SS: Research in STEM is increasingly multi-disciplinary. Which subjects do you use in your work?

SA: My research is pretty much pure science. I obviously use biology, but I also need to understand some chemistry to know how the reactions in my tubes are working and I need maths to do any calculations I need and perform any statistics on my data. You have always got to be reading around your specific topic though so I have been reading recently about how microgravity can influence stem cells – so there is potential that my future research could branch out into physics or engineering even. But I am a believer that science is never finished until it is communicated, so whether that is using my blog, Instagram or events like Soapbox, my work as a researcher who shares their science with others involves writing, photography and art skills too.


SS: What 3 attributes do you consider important to your work (e.g. creativity, team-work, etc), and why did you pick these?

SA: Resilience, creativity and teamwork!

Working in research is full of highs and lows but quite often the lows are much more common than the highs and the lows can last for much much longer than you wanted them too. Sometimes you can be doing an experiment that will work perfectly and when you go to do it a second time, it just stops working. Research can be infuriating sometimes but you have got to be resilient and get back up after each knockback and be determined to fix that problem.

Piecing together all your data to work out what it means requires some creativity. It is very easy to get sucked into the minute details of each and every experiment you do so it’s good to remember the bigger picture sometimes and work out how your research fits in and then coming up with new hypotheses to test further.

While you have your own research project to be getting on with, the likelihood is that you are part of a lab team. You might have to share reagents and equipment and workspace, so it makes your life so much easier if you work with your colleagues rather than against them. Replace things. Order things. Be organised and book equipment in advance. But most important talk to them! Discuss any problems you might be having, or any thoughts you are having. They might have experienced the same thing and can give you some advice rather than you wasting time trying to figure it out for yourself. You also never know what you might learn from them or what opportunities you may get.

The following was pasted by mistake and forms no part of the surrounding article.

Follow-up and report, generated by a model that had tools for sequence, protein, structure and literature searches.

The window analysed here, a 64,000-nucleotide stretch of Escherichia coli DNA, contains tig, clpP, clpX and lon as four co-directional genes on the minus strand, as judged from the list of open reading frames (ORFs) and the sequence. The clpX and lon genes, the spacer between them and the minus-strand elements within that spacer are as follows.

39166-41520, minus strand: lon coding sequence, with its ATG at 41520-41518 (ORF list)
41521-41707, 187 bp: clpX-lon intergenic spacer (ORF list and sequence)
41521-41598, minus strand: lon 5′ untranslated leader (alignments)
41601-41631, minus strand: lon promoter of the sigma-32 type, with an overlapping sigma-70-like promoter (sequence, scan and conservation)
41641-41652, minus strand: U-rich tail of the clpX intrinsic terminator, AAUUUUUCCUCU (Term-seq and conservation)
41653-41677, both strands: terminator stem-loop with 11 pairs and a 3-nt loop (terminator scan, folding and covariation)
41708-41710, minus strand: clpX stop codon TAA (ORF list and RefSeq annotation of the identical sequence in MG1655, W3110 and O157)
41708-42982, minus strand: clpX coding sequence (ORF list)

SS: If you could change one thing about the scientific culture right now, what would it be? 

SA: There is a huge pressure on scientists, especially early career researchers, to publish, publish, publish. And those publications have to be positive results. I would love to see a change across the scientific community that publishing negative data is just as important as positive date. I don’t know about you but knowing that one protein doesn’t affect my stem cells for example is just as important as knowing that one protein does affect my stem cells. Negative results are starting to be published more now but I still believe it is not widely accepted and that needs to change. Scientific research is all about advancing our knowledge and I believe we will advance quicker if we know the negative results as well as the positive results.


SS: What would be your top recommendation to a female student considering pursuing a career in academia?

SA: Do not let anyone tell you that you can’t do something. Follow what you want to do, network inside and out of the lab and find a mentor. Working in an academic environment can be toxic sometimes but having a network of people for advice and to talk to will help you to stay on the path to achieve whatever you want to.


SS: What words of encouragement would you give to children who might be interested in a career in science?

SA: Explore everything that you might be interested in. It is better to try something and not like it, than to never try it in the first place. Always be curious and ask questions. Always remember there is no such thing as a stupid question. It is never too late to learn something new and be inspired!